It's the curse of the season: dreadful music

Even good songs get turned to glop, and bad ones? Don't ask

Ideas

December 09, 2007|By Kevin Cowherd | Kevin Cowherd,Sun Reporter

This is the season of peace and joy and good will toward men, yet it's also a time when we experience the dark side of the holidays: bad Christmas music.

You hear it in malls, airports, supermarkets, elevators and restaurants. You hear it at office parties and holiday get-togethers, and no amount of spiked eggnog can blot it from your consciousness. It unnerves you. It drains you. You want to run away.

Even songs that once lifted your spirits have been bastardized by Muzak and techno-pop influences. Now they're used by businesses to create what's called "retail theater," where everyone is chipper, humming along and raring to spend money.

Look what garmin.com did to the joyous "Carol of the Bells" in the commercials for their navigational devices. After seeing the spot 10 or 15 times, you want to get lost forever.

There's no single working definition of bad Christmas music, of course. Jim Nayder, host of The Annoying Music Show on National Public Radio, defines it as "a serious attempt at beautiful music gone awry," a subject his program explores weekly.

Nayder cheerfully contributed to the problem with the release of The Annoying Music Holiday CD in 2000, a compilation that includes the spectacularly awful "Happy Christmas on the Ponderosa" as sung, if that's the word, by Dan Blocker, who played Hoss on the old Bonanza TV series.

Still, it's likely that bad Christmas music, like pornography, is totally subjective. You know it when you hear it. And with each holiday season, you hear more and more of it.

No category of bad Christmas music seems to grate on the nerves more than novelty songs.

"Grandma Got Run Over by a Reindeer" by Elmo and Patsy is often cited as the ne plus ultra of bad novelty songs. And if they involve animals barking, meowing, mooing, oinking or bleating, the potential for a cringe-inducing reaction rises exponentially.

Nearly 50 years ago, the seminal animal trio (cartoon version) Alvin and the Chipmunks released "The Chipmunk Song (Christmas Don't Be Late,)" a screechy, cutesy number that featured the Chipmunks pining for the Big Day, except for Alvin, who appears to be in the throes of a horrible depression.

Inexplicably, the song became a smash hit, rising to No. 1 on the charts. Then the reissued Singing Dogs version of "Jingle Bells," a cacophony of annoying barking that called to mind four Labrador retrievers locked in a dark basement, breathed new life into the genre in 1970.

Soon, the holidays were awash in Christmas tunes by singing cats, singing chickens, singing ducks and the like. As with the explosion of the first atomic bomb, life would never be the same.

(In a telephone conversation from the Chicago offices of NPR affiliate WBEZ-FM, Nayder played "Hava Nagila" by Singin' Cats and Dogs. While not a holiday song, it served to demonstrate the ultimate horror: mixed-species animal songs.

("We feel that with the peace talks going on, if there can be peace between cats and dogs ... there's hope for the Middle East," he said.)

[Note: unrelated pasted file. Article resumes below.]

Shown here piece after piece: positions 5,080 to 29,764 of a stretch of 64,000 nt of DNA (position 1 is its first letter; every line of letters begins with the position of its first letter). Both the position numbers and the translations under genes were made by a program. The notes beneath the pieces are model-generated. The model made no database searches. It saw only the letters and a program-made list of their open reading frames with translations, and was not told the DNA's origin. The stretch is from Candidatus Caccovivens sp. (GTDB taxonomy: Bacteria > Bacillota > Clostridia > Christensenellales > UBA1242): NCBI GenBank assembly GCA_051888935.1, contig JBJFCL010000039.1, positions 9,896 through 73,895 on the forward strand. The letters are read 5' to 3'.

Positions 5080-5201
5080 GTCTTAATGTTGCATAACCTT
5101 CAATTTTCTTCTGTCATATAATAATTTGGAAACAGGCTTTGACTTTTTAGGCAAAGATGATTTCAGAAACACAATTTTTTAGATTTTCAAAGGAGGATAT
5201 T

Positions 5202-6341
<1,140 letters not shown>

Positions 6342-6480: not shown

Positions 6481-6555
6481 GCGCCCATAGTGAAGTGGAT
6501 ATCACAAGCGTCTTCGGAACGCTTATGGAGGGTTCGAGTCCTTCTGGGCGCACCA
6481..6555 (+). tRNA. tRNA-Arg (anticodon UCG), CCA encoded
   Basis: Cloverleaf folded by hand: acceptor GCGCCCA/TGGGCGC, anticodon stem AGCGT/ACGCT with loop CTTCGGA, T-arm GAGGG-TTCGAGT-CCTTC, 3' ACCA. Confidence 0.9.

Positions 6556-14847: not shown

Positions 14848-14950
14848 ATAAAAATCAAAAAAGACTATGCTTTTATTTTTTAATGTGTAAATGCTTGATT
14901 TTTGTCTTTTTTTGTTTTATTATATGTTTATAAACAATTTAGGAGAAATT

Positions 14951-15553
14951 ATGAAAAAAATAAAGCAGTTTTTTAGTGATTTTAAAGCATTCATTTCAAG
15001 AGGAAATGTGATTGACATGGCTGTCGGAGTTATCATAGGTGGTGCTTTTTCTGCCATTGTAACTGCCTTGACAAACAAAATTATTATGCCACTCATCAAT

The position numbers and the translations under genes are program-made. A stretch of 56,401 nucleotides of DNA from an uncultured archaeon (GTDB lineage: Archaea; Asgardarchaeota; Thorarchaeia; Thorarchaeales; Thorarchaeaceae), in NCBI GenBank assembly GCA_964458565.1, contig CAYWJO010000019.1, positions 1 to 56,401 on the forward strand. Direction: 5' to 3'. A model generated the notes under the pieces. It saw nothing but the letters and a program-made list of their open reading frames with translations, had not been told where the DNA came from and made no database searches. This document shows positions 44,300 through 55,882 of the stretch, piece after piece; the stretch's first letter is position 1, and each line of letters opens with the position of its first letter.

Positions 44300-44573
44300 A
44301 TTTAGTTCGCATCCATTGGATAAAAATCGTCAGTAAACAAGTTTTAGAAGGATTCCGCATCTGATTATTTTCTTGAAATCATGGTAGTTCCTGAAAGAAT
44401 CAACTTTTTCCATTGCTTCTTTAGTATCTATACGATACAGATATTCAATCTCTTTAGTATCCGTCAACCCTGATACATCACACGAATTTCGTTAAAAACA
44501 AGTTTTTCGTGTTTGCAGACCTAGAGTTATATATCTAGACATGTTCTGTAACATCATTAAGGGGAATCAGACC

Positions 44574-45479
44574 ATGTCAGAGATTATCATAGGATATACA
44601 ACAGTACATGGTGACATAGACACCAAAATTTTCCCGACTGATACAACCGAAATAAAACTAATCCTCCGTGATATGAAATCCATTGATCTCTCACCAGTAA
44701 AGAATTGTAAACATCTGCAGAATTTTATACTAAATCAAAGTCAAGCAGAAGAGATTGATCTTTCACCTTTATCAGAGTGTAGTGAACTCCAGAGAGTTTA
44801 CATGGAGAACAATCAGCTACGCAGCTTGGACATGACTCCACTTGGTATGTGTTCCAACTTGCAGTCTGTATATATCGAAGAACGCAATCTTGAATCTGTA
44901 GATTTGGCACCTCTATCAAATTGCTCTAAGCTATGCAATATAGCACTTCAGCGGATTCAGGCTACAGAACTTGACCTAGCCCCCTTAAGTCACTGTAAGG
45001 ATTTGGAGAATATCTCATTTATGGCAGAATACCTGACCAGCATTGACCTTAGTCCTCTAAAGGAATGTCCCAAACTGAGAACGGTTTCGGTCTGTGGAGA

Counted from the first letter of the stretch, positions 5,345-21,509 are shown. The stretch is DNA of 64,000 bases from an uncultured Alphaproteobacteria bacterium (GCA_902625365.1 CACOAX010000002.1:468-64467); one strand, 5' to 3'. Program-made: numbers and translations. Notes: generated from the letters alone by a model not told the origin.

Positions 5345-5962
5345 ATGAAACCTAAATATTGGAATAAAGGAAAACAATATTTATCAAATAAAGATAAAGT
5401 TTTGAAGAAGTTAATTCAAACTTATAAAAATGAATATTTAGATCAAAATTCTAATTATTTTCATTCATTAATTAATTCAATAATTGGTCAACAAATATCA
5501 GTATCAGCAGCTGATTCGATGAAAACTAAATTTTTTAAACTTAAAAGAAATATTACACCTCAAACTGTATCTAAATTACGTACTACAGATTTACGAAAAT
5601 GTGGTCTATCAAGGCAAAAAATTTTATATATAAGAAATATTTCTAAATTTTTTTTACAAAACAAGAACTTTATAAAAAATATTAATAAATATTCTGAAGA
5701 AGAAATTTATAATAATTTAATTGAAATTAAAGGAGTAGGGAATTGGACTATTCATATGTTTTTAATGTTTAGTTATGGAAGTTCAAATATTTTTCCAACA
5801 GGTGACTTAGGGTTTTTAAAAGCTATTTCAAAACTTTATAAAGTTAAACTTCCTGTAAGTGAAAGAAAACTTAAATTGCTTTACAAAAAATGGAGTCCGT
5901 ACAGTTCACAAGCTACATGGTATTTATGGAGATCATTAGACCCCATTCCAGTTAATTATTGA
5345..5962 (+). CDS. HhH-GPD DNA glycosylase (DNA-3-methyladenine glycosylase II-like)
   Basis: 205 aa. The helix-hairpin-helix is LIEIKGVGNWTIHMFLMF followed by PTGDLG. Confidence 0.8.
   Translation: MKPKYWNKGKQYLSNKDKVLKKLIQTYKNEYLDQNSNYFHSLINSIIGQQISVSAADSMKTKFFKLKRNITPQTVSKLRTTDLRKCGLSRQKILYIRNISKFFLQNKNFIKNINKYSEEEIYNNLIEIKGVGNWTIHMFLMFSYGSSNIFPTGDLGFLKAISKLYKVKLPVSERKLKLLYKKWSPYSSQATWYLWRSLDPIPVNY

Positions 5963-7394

Unfortunately, bad novelty Christmas songs aren't limited to animals.

Space creatures have released them (Christmas in the Stars: The Star Wars Christmas Album). Redneck comedians have released them (A Very Larry Christmas - Larry the Cable Guy; Redneck 12 Days of Christmas by Jeff Foxworthy). Fried chicken magnates have released them (Christmas with Colonel Sanders).

So have '70s sitcom families (Christmas with the Brady Bunch, Partridge Family Christmas), capital-punishment foes (Christmas on Death Row by various artists), even American Idol rejects (William Hung, Hung for the Holidays).

A novelty offshoot of bad Christmas music is, of course, bad Hanukkah music.

Sure, you liked - or at least learned to tolerate - Adam Sandler's whimsical "Hanukkah Song," with such classically dysfunctional lyrics as "David Lee Roth lights the menorah / So do James Caan, Kirk Douglas and the late Dinah Shore-ah."

But can you stomach Kenny Ellis' Sinatra-like rendition of "Swingin' Dreidel," off his 2005 CD Hanukkah Swings!, which harks back to the Rat Pack days, but only if the Rat Pack was carousing at a senior center in the Catskills?

For some, another category of bad Christmas music can be defined in two words: Mannheim Steamroller.

Okay, and two more words: Kenny G.

You either love - or hate with a deep, abiding, teeth-gnashing hatred - the driving, pulsating, techno-meets-orchestra stylings of Mannheim, the Christmas supergroup that has seemingly released 2,000 holiday CDs since its 1984 debut, Mannheim Steamroller Christmas, sold 6 million copies.

And wild-haired, dewy-eyed Kenny G's soprano saxophone wailings to such tunes as "We Wish You a Merry Christmas" on his holiday albums are an acquired taste for many, in the sense that one might acquire a taste for acid rain.

Nayder adds holiday songs by Yanni and John Tesh to the list of annoying instrumentals, and the thunderous New Age-y pounding of Trans Siberian Orchestra makes it sound like Mannheim Sreamroller on steroids to some ears.

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